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Heritage Center in city can unlock door to past page 3
Local archives helps families uncover roots

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Date published: 5/26/2009


“I call them ‘door openers,’” Simmons said of such documents. “It’s like walking in a maze and then you hit a brick wall. And then someone gives you information and you can keep walking.”


Simmons took that woman’s name—Mary Wigglesworth—and went looking for court documents.

Sure enough, she found the names of her ancestors listed among the holdings of Mary’s husband, Elijah Wigglesworth of Spotsylvania, in an 1842 inventory accompanying his will.

At first, she thought it would be painful to see her family members listed alongside hogs, chickens, parcels of land and other items doled out like heirlooms to the deceased man’s wife and children.

“But I think you just look so long and hard that when you find them, you’re so happy you don’t care,” she said.

She used what she found to trace her lineage down through Louisa Shakespeare, who married into the Woolfolk family.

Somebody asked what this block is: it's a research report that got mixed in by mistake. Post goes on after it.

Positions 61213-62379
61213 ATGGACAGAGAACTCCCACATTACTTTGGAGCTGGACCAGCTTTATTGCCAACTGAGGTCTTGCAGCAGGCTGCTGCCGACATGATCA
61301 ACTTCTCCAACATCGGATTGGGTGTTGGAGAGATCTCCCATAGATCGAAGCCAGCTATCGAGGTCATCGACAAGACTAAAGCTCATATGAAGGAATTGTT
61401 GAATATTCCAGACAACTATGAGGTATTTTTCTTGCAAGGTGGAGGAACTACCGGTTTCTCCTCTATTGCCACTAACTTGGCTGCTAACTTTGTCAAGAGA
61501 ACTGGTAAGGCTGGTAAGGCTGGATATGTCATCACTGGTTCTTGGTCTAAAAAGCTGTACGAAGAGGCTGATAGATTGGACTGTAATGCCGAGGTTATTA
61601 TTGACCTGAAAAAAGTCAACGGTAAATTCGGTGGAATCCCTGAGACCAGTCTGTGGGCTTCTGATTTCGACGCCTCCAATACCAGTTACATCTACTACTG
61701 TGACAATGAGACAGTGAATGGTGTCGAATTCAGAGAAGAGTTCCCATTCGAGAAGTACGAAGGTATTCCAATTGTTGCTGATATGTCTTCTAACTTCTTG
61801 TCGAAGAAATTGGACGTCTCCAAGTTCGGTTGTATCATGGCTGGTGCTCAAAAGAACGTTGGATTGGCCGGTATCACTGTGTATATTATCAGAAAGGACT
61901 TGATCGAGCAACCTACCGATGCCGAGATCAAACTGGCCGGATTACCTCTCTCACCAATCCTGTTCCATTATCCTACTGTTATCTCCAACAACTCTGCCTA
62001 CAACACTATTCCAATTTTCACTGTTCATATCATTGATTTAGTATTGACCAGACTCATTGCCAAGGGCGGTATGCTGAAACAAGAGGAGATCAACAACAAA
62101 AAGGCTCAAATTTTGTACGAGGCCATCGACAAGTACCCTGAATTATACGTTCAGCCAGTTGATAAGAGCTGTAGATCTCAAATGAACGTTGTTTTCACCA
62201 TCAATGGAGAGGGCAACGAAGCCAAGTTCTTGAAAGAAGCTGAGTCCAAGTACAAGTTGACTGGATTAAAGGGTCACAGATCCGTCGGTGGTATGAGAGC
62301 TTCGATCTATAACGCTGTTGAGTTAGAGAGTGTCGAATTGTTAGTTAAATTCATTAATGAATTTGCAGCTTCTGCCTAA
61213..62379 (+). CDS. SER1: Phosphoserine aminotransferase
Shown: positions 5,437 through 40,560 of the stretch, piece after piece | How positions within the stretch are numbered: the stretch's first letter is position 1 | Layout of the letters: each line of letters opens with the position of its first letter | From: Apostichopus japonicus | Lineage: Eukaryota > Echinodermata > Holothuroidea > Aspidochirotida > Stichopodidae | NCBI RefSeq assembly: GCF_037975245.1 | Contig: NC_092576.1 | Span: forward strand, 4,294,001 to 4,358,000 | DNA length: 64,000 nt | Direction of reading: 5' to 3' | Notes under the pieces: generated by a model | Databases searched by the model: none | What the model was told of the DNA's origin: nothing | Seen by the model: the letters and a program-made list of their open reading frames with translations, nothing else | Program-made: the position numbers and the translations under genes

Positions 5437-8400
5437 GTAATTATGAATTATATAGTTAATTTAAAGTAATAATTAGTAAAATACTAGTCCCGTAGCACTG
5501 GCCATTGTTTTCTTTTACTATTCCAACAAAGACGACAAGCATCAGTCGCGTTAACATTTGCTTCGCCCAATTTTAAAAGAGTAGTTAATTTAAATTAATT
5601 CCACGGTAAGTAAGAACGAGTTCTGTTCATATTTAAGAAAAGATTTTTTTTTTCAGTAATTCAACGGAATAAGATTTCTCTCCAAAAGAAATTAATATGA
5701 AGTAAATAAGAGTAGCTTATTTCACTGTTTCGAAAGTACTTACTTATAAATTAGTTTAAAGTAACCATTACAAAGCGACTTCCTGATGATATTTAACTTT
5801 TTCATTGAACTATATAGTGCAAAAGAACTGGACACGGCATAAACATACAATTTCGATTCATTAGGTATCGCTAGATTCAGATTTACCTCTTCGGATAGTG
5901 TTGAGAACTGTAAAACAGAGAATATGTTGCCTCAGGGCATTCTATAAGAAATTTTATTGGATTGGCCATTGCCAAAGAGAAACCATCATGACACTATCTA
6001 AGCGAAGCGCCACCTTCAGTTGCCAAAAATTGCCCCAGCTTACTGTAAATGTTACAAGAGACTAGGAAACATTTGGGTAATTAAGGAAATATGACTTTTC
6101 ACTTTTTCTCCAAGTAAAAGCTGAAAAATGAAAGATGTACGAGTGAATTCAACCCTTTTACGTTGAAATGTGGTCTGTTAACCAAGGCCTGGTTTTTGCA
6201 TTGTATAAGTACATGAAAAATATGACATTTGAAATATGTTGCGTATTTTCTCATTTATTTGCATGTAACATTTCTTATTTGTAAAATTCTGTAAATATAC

She has since met distant cousins in Caroline who still bear that name or one of its variations, including Woodfolk and Woodfork, her maiden name.

She has even visited the graves of some of her ancestors at St. John’s Baptist Church cemetery in Caroline.

“The center has been a big help. The biggest key was they had those registers from the Freedmen’s Bureau,” Simmons said. “Without those, I wouldn’t have been able to do any of this.”

Edie Gross: 540/374-5428

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The Central Rappahannock Heritage Center stores thousands of this region’s historical documents and photographs in its quarters at the old Maury School, 900 Barton St. Volunteers at the nonprofit organization help researchers, genealogists and anyone else who’s simply curious track down key information from the past. The center is open from 10 a.m. to 4 p.m. Tuesdays, Wednesdays and Thursdays and 9 a.m. to noon on the first Saturday of each month. To volunteer at the center, become a member or get help with research, call 540/373-3704 or visit the center’s Web site at www.crhcarchives.org.


Marion Simmons of Maryland was able to trace her Caroline and Spotsylvania ancestors through slavery with help from the center. To see her research, visit her Web site at woodforkgenealogy.com.